noise measurements are made at each fan speed.

Our second test procedure is to run the system through a video test suite featuring
a variety of high definition clips. During playback, a CPU usage graph is created
by the Windows Task Manger for analysis to determine the average CPU usage.
High CPU usage is indicative of poor video decoding ability. If the video (and/or
audio) skips or freezes, we conclude the GPU (in conjunction with the processor)
is inadequate to decompress the clip properly. Power consumption during playback
of high definition video is also recorded.

TEST RESULTS

BASELINE, with Integrated Graphics: First, here are the results of
our baseline results of the system with just its integrated graphics, without
a discrete video card. We’ll also need the power consumption reading during
CPUBurn to estimate the actual power draw of discrete card later.

VGA Test Bed: Baseline Results
(no discrete graphics card installed)
System
State
System Power
AC
DC (Est.)
Idle
75W
Unknown
CPUBurn
151W
121W
Ambient temperature: 22°C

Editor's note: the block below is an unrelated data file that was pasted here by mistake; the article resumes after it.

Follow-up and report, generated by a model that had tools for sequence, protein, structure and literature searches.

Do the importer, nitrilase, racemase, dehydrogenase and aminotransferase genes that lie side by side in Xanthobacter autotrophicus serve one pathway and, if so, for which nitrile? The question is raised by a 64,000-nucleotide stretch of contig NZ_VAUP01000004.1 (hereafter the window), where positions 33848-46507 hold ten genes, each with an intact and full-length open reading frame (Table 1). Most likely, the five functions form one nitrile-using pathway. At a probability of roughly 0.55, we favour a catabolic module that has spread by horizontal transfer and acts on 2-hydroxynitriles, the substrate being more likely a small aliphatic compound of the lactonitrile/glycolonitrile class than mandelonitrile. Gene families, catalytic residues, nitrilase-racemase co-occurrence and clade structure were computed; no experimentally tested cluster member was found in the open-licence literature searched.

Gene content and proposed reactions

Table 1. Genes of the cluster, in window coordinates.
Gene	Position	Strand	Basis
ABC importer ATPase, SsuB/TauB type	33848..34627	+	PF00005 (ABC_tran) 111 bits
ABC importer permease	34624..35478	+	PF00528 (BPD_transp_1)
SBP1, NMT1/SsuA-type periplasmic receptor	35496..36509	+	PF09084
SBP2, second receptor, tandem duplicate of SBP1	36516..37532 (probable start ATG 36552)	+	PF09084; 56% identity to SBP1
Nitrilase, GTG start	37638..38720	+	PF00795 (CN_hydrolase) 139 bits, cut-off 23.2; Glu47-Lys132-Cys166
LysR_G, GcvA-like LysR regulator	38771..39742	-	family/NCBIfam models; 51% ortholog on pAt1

HIS HD 5570 Silence 512MB:

VGA Test Bed: HIS HD 5570 Silence 512MB
System
State
System Fan Speed
SPL
@1m
GPU Temp
System Power
AC
DC
Idle
7V
12 dBA
51°C
92W
70W
CPUBurn
7V
51°C
167W
135W
CPUBurn + ATI Tool
7V
104°C
198W
161W
9V
15 dBA
101°C
197W
160W
12V
18 dBA
94°C
197W
160W
CPUBurn + FurMark
12V
101°C
201W
164W
Ambient temperature: 23°C
Ambient noise level: 11 dBA

The 5570 started off well, idling at 51°C with our system fan at 7V, but
once the GPU was stressed, the heatsink wasn’t as effective as we had hoped.
With ATI Tool going, the temperature surpassed 100°C, stabilizing at 104°C.
While we did not encounter any artifacts, this was far too high for our liking
— generally 90°C is at the high end of our comfort level. Cranking up
the system fan to 9V improved the temperature by 4°C, but it was still 1°C
above boiling. At 12V, the GPU core cooled down by another 7°C. This improvement
was wiped out once we switched from ATI Tool to FurMark, a more demanding stress
program.

While the passive heatsink ensures the card remains silent, in a quiet system